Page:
Or, an object lesson in what happens when you ignore your own best advice.

A couple of months ago my bank ran a competition to award $20,000 to a small business owner. All you had to do was submit a video demonstrating how you’d use the money to grow your business. My banker kept suggesting that I enter the competition.

I just had one gigantic problem: I couldn’t picture it. I couldn’t picture how I would spend $20,000 to grow my business. And, even worse I was embarrassed to admit I couldn’t picture it. It sounds so lame when I write it down. PS It felt lame while I was feeling it, too, but I was definitely embarrassed.

Maybe it wasn’t that I couldn’t picture it. Maybe it was that I was afraid that I’d screw it up. I couldn’t even come up with an idea to start with. Okay. That’s a total lie. I had several ideas that I squelched. Shut those suckers down.

But what if I fail?

I also know I didn’t want to fail – like what does that even mean in this context? How could I fail? Sure, somebody would judge the videos, but how could I fail by creating the once piece of media that every single marketing person I talk to tells me to create? If I had created a video, I could have re-purposed it. Who knows what could have happened from there?

What if it was really that I didn’t want to let anyone down. What if I didn’t win? Would the people at the bank think less of me. Or, and here’s the kicker, would I think less of me?

This is exactly what happens when I trip up and find myself in the quagmire of my old way of thinking – that everyone is looking at me. That everyone has expectations for me that I don’t know or understand. That everyone has expectations for me that I don’t want to meet. I’ve spent decades learning to drown out this chorus of Harpies in my head.

Analysis Paralysis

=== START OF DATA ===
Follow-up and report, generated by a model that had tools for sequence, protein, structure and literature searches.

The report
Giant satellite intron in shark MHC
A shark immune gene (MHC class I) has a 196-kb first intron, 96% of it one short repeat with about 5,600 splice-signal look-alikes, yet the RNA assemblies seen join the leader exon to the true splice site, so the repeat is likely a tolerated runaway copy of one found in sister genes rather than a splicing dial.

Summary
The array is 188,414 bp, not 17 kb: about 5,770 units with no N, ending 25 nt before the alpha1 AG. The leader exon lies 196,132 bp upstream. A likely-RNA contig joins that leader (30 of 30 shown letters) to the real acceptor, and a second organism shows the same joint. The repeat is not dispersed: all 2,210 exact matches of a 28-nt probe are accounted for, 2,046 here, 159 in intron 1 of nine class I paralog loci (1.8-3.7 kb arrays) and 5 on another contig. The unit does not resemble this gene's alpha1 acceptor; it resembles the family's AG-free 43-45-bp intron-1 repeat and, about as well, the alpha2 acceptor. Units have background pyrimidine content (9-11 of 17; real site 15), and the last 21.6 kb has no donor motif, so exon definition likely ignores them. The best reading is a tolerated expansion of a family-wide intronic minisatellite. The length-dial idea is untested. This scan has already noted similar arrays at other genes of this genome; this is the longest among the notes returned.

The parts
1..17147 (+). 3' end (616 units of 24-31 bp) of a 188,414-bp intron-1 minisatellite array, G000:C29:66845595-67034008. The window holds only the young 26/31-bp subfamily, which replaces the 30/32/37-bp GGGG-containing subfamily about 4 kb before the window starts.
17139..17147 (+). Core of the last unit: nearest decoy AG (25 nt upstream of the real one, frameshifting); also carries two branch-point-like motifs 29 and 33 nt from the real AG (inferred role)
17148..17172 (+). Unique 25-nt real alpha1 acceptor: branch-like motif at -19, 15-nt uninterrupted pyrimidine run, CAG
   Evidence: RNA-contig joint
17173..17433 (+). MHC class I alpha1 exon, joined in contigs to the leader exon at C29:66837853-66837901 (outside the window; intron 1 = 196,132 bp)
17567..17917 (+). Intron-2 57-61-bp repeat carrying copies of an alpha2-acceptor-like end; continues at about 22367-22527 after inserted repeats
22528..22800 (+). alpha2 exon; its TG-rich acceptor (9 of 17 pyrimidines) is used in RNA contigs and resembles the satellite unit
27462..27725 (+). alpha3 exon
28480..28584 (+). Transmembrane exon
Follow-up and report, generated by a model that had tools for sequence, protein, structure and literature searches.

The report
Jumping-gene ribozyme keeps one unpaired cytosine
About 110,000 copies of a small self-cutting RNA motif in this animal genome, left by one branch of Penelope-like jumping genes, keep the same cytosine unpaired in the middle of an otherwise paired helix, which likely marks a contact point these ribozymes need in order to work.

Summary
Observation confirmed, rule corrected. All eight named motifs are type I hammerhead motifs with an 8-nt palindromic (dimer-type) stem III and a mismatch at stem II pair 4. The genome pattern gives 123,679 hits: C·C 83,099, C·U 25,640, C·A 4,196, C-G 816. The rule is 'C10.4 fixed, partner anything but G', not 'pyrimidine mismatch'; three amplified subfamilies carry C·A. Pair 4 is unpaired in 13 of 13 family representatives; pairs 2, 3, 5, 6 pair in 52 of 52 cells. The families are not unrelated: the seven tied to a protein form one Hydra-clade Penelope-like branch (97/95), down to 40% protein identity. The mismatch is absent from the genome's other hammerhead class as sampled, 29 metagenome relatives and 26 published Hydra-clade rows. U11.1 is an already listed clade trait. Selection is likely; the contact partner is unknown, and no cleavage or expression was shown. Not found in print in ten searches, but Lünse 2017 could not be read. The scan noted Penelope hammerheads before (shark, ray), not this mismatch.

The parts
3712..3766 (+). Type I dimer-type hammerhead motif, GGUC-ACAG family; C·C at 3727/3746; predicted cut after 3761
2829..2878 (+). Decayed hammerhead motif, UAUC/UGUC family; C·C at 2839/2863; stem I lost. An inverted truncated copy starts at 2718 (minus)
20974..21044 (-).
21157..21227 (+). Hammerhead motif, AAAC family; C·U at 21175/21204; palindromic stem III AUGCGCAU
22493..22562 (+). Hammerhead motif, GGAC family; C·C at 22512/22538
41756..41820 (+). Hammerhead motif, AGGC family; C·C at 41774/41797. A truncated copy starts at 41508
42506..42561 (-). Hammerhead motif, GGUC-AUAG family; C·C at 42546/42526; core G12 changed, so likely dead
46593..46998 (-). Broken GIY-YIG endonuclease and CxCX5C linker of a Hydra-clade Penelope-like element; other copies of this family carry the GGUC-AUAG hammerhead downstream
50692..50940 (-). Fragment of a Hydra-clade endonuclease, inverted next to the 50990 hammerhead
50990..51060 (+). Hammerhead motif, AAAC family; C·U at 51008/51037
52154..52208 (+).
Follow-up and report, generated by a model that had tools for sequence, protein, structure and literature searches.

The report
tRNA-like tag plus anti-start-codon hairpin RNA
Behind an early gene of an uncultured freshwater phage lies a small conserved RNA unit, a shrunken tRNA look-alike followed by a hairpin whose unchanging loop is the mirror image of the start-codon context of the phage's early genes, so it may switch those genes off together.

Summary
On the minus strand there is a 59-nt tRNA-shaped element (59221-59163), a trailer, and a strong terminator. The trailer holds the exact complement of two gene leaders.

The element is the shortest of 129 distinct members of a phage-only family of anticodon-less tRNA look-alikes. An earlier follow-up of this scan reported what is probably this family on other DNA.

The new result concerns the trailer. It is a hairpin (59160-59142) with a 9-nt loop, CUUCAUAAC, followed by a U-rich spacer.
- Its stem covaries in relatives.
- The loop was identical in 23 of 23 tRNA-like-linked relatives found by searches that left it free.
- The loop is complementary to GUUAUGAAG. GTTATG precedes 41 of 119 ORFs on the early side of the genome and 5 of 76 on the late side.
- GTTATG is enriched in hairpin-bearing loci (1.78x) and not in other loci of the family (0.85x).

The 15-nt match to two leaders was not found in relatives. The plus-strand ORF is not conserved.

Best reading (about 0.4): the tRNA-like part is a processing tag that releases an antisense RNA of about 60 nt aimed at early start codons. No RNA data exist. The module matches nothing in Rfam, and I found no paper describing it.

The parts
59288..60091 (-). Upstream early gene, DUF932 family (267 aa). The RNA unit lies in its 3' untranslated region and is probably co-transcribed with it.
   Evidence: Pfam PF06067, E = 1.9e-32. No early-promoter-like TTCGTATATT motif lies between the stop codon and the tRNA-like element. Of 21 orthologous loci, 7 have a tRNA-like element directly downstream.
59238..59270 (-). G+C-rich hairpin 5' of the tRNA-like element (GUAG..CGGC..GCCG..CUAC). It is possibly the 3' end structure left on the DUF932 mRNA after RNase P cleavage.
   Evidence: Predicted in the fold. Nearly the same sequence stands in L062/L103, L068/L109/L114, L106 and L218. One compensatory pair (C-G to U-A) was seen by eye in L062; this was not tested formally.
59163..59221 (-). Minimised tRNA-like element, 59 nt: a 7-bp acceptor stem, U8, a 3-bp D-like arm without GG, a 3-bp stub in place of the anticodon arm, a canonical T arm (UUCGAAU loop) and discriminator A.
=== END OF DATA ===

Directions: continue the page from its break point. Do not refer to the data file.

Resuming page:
I found myself paralyzed, totally incapable of even thinking about entering the contest. Even though I know an excellent videographer who would have helped me create the video. She would have loved to help me out.

Plus, I have a huge network of supporters, any one (or two or six or 12) of them would have helped me brainstorm how to use the money.

Or, I could have invested 30 minutes in thinking about it and ideas would have magically appeared because they always do when I take the time to pause.

I ended up feeling embarrassed and frustrated because I couldn’t figure out what to do. And I still haven’t told my cheerleaders at the bank that I didn’t apply.

Video vs Job Search

Perhaps there’s a parallel between not making the video and looking for a new job.

If we’re kind of comfortable right where we are at work – just enough stress, making good money, maybe a few long hours – it’s easy to stay in place. It’s easy to stay in place because changing things up is terrifying.

And what happens if someone comes up to us and offers us the job of our dreams. Would we fall into the same trap I did? Would we ask ourselves the same questions?

What if we’re not positive we can do the job? What if we embarrass ourselves by asking the wrong questions in the interview? What if we let our families down? Everybody will be looking at us, wondering why we’d risk leaving a sure thing. Even worse, they might ask us about the interview. Oh, and what if we don’t know how the interview went? Then what do we do?

Try This

Here’s what I should have done and what we can all do when presented with an amazing opportunity.

We can dare to dream. We can believe that our reach is much longer than our grasp. We can ask our friends and family for ideas and support.

And, if we can’t find the support we need in our community, we can find a coach to help us jump our mental hurdles and organize a plan of action. Or maybe we can find a group of people who want to elevate their careers, too.

Instead of looking what could go wrong, we could ask ourselves, what would I do if I knew I couldn’t fail? The point is to embrace that risk – to show ourselves that we do have grit. Sure we could fall down, but I’m doubly sure we’d get right back up and hit it again.

Just don’t do what I did. Don’t leave $20,000 on the table.





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